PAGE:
Friday Dec 09 2011
Roseville man heads up effort to save Mono Lake
By: ToLewis, The Press Tribune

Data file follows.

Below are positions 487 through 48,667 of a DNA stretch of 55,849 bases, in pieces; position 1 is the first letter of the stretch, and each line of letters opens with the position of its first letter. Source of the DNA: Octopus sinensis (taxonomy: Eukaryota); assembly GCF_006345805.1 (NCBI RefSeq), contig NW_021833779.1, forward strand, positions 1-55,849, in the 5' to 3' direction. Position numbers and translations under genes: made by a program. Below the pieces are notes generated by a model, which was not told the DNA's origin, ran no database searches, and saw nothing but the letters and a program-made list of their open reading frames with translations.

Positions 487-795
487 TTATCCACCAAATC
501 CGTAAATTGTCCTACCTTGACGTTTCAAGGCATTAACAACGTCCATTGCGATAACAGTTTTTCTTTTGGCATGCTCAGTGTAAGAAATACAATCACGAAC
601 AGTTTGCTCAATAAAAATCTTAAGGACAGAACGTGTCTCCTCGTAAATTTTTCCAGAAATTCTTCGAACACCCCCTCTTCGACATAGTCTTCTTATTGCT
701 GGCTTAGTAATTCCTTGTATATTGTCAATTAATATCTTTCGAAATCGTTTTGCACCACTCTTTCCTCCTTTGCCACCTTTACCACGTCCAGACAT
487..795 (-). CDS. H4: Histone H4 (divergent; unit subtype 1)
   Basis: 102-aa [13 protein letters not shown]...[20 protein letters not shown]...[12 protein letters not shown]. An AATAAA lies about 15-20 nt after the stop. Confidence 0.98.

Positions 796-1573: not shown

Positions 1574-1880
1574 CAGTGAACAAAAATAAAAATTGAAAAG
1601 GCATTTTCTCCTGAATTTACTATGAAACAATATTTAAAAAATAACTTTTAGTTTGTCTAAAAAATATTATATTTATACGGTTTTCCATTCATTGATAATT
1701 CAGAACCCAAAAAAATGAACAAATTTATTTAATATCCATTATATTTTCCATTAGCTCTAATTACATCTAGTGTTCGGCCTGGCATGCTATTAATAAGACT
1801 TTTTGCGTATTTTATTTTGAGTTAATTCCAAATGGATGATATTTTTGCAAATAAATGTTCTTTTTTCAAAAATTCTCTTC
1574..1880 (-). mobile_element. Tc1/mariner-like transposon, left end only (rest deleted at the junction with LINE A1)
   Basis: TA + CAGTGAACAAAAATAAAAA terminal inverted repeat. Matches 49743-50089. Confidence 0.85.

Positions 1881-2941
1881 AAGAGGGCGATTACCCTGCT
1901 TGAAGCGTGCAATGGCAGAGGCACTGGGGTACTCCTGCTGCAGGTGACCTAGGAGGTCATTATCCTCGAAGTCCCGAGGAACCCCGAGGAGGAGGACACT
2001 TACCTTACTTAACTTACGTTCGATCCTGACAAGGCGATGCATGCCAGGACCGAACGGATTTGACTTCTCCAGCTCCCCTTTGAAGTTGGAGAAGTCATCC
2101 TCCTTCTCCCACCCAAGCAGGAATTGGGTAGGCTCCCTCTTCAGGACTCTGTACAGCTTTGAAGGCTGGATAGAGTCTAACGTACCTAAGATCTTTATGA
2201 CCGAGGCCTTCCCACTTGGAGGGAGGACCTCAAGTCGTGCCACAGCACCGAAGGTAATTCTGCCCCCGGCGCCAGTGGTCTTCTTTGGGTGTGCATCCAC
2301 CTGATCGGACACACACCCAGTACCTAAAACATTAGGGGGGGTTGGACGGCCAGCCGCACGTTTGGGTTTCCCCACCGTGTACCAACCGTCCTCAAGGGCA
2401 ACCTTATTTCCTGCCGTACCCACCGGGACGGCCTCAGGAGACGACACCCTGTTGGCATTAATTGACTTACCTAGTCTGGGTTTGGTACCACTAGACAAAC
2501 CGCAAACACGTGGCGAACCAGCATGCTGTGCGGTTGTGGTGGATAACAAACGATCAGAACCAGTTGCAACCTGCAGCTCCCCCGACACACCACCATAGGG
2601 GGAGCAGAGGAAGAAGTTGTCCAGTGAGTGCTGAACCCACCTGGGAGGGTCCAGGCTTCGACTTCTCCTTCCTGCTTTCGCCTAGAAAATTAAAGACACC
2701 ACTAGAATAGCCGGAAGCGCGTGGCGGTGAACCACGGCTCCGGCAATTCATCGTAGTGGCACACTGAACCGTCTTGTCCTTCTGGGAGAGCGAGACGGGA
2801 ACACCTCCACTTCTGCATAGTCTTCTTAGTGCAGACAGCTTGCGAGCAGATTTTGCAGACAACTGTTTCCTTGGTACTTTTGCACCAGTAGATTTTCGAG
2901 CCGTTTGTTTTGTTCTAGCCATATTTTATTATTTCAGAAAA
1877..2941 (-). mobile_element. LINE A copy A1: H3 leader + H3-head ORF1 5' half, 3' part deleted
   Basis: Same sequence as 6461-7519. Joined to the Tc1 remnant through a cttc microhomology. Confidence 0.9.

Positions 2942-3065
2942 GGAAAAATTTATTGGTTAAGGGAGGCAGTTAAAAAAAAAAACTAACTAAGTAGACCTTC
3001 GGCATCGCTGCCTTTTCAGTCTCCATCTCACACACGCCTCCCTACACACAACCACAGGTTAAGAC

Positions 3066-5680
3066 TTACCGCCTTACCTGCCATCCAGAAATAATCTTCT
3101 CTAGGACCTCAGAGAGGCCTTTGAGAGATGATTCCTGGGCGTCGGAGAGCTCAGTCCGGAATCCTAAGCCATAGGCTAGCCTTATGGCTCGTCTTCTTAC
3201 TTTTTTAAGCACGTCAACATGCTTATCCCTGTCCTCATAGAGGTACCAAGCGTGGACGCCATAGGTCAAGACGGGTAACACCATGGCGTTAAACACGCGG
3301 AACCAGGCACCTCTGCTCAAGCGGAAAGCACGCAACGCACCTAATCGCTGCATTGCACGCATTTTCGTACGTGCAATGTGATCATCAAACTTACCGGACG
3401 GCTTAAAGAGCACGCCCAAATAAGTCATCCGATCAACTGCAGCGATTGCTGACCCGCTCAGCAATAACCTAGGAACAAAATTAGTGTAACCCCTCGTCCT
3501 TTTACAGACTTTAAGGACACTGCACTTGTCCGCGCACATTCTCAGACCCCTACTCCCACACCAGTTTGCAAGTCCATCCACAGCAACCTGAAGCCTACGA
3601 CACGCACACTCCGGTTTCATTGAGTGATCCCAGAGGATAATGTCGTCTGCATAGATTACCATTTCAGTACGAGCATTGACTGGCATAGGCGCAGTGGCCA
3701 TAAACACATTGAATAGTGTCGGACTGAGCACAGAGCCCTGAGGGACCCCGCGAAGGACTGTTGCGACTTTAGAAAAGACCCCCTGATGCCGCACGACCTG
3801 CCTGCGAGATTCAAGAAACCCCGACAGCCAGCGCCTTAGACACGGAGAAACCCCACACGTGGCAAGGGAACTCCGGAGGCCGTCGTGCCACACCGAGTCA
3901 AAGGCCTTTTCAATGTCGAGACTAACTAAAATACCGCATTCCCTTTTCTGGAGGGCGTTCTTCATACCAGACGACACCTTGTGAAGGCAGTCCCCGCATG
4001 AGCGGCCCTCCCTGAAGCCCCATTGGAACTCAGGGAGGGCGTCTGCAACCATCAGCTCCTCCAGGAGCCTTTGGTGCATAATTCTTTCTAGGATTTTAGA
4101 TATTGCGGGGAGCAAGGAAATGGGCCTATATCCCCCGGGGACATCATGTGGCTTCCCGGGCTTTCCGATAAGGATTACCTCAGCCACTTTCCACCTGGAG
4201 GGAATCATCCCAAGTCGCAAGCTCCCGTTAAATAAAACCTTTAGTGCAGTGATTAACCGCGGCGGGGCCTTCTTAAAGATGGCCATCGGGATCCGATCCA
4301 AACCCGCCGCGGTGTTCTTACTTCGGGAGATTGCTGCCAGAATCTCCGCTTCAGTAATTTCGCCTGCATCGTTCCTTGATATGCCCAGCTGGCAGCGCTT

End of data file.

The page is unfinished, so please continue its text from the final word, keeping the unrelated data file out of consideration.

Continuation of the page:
One Roseville resident has played a major role in saving what he calls one of the most amazing and fragile ecosystems in the world. On May 13, 70 California State Parks were doomed for closure by July 1 of next year due to the ongoing state budget deficit. Among those parks was the Mono Lake State Tufa Reserve. Roseville resident Robert Hanna said he spent every summer of his youth at his family’s cabin in the Eastern Sierra Nevada, a family tradition dating all the way back to his great-great-grandfather John Muir. When Hanna saw the Mono Lake Tufa Reserve, located along the eastern edge of the Sierra Nevada mountains east of Yosemite National Park, on the list of state parks to be closed, he said he felt compelled to do something about it. “I didn’t know what I was going to do, I didn’t even know what to do, but I just knew that I had to do something,” Hanna said. “I was going to protect it at all costs.” After speaking with hundreds of park supporters on the steps of the capitol in Sacramento around the beginning of summer, Hanna contacted the elected leaders appropriate for that district — Sen. Ted Gaines, R-Roseville, and Assemblywoman Kristin Olson. He then convinced both Gaines and Olson, in two separate instances, to visit the park for themselves and take a kayak tour of the lake. “I knew that if I could get any person out there to see it, there’s no way they could walk away from knowing what not to do,” Hanna said. Hanna worked closely with the Mono Lake Committee, an organization that has been working to protect the lake since 1978, to put together a proposal and sent it to the capitol for review. “It was just kind of a waiting game from there,” Hanna said. California State Parks announced that the Mono Lakes Tufa Reserve was taken off of the state parks closure list on Dec. 8. Jerry Emory, director of communications for the California State Parks Foundation, said Hanna was a key figure, along with the Mono Lake Committee, in getting the park taken off of the list. The California State Parks Foundation works as an advocate for the state parks and played an advisory roll in creating the proposal to remove the park from the list. Emory said it is the organization’s primary focus right now to get all parks slated for closure taken off of the list. “Our mission is to protect, enhance and make available state parks to all Californians and anyone from around the world to come and visit them,” Emory said. Gaines described Mono Lake as a very beautiful and serene lake with unique biodiversity, and credited the constituents of his district with influencing the decision making process. “(The lake) has a lot of interests on a lot of different levels,” Gaines said. “Whether you are someone who is fascinated with science, or you just want to recreate there and enjoy the natural environment.” Mono Lake is known for its Tufas, which are natural towering structures made of limestone protruding from the lake that, according to Hanna, are unlike any other landscape structure in the world. Hanna said the lake’s fragile ecosystem provides a habitat and resting ground for millions of birds each year, including the California seagull. “It’s really like an international gas station for birds,” Hanna said. “The brine shrimp and the flies provide kind of like an all-you-can-eat buffet for all of the birds.” Hanna said that both Gaines and Olson were very receptive on the tour and he enjoyed working with them because they took the time to go out and see what was going on first hand. “That really meant a lot to me, and in the end, they helped out a lot,” Hanna said. “It amazes me that these unbelievably beautiful places are continually threatened. I think that it sends the message that we are going to fight for these places at all costs.” Now that the Mono Lake Tufa Reserve has been taken off the list, Hanna said he is shifting his focus to the remaining parks on the closure list. “I’m trying to deliver the message that we are not OK with shutting down our parks,” Hanna said. “Not even in the Great Depression did California’s leaders shut down our state parks. We’re just not going to accept it.” Toby Lewis can be reached at email@example.com. Follow him on Twitter @TobyLewis_RsvPT.